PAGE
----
Vermont Supreme Court overturns state law on DNA collection
The Vermont Supreme Court on Friday overturned a state law allowing DNA samples to be taken from suspects accused of a felony.
In a 3-2 decision, the court ruled that taking routine DNA samples before suspects are convicted violates Article 11 of the Vermont Constitution, which protects individual privacy. DNA samples can continue to be taken from convicted felons and can be taken from specific pretrial suspects if prosecutors show probable cause.
The decision upheld a series of lower court rulings that determined that taking DNA samples from everyone accused of a felony was unconstitutional. The appeal to the state Supreme Court was brought by Vermont Defender General Matthew Valerio on behalf of several plaintiffs.
The Vermont Legislature has expanded law enforcement's authority to collect DNA evidence two times since the law took effect in 1998.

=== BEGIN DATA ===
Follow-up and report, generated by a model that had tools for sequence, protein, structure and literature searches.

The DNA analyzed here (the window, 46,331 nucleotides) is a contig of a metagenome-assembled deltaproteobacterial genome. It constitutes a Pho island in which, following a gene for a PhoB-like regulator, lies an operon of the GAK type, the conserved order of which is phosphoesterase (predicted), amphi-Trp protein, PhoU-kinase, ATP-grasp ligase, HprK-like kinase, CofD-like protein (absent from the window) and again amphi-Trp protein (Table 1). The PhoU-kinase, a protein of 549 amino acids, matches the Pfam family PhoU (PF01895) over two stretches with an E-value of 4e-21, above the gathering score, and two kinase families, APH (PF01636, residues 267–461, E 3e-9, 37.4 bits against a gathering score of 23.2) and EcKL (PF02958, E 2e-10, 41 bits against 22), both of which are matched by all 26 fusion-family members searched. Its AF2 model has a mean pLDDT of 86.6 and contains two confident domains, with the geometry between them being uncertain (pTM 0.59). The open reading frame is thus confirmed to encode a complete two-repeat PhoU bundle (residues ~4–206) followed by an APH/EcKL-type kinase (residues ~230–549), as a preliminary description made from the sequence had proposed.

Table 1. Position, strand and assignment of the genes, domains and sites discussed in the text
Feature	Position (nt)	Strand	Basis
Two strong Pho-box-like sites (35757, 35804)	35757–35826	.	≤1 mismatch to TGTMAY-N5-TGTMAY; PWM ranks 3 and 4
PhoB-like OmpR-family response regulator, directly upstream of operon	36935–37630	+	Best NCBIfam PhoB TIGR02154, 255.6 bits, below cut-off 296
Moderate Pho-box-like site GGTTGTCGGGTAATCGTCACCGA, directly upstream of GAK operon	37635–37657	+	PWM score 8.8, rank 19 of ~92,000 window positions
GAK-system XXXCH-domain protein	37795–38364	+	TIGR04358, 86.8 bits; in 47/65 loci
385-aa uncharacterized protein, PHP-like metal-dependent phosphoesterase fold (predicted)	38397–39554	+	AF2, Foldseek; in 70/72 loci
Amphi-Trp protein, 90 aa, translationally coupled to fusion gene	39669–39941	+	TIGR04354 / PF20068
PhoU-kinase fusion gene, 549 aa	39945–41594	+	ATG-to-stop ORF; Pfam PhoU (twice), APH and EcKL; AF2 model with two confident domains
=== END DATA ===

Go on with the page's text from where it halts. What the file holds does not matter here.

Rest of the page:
Following the rape and murder of 12-year-old Brooke Bennett in 2008 by her uncle, Michael Jacques, the Legislature modified the law to allow collection of DNA from anyone arraigned for a felony, a misdemeanor count of domestic violence or a misdemeanor sex offense requiring sex offender registration.
Valerio said he told lawmakers at the time that the law was over-reaching and would not stand up in court. Valerio said the state could still collect DNA samples in specific cases by obtaining a warrant.
Attorney General Bill Sorrell called the decision "disappointing." The narrow vote could lead him to ask for a re-argument of the case, he said.
Valerio said the number of pretrial samples taken from unconvicted suspects is probably fewer than 100 since the law was passed.
Sen. Dick Sears, D-Bennington, chairman of the Senate Judiciary Committee, who helped guide Vermont's law through the Legislature said he, too, was disappointed by the high court's ruling and indicated that he might address it again next session.
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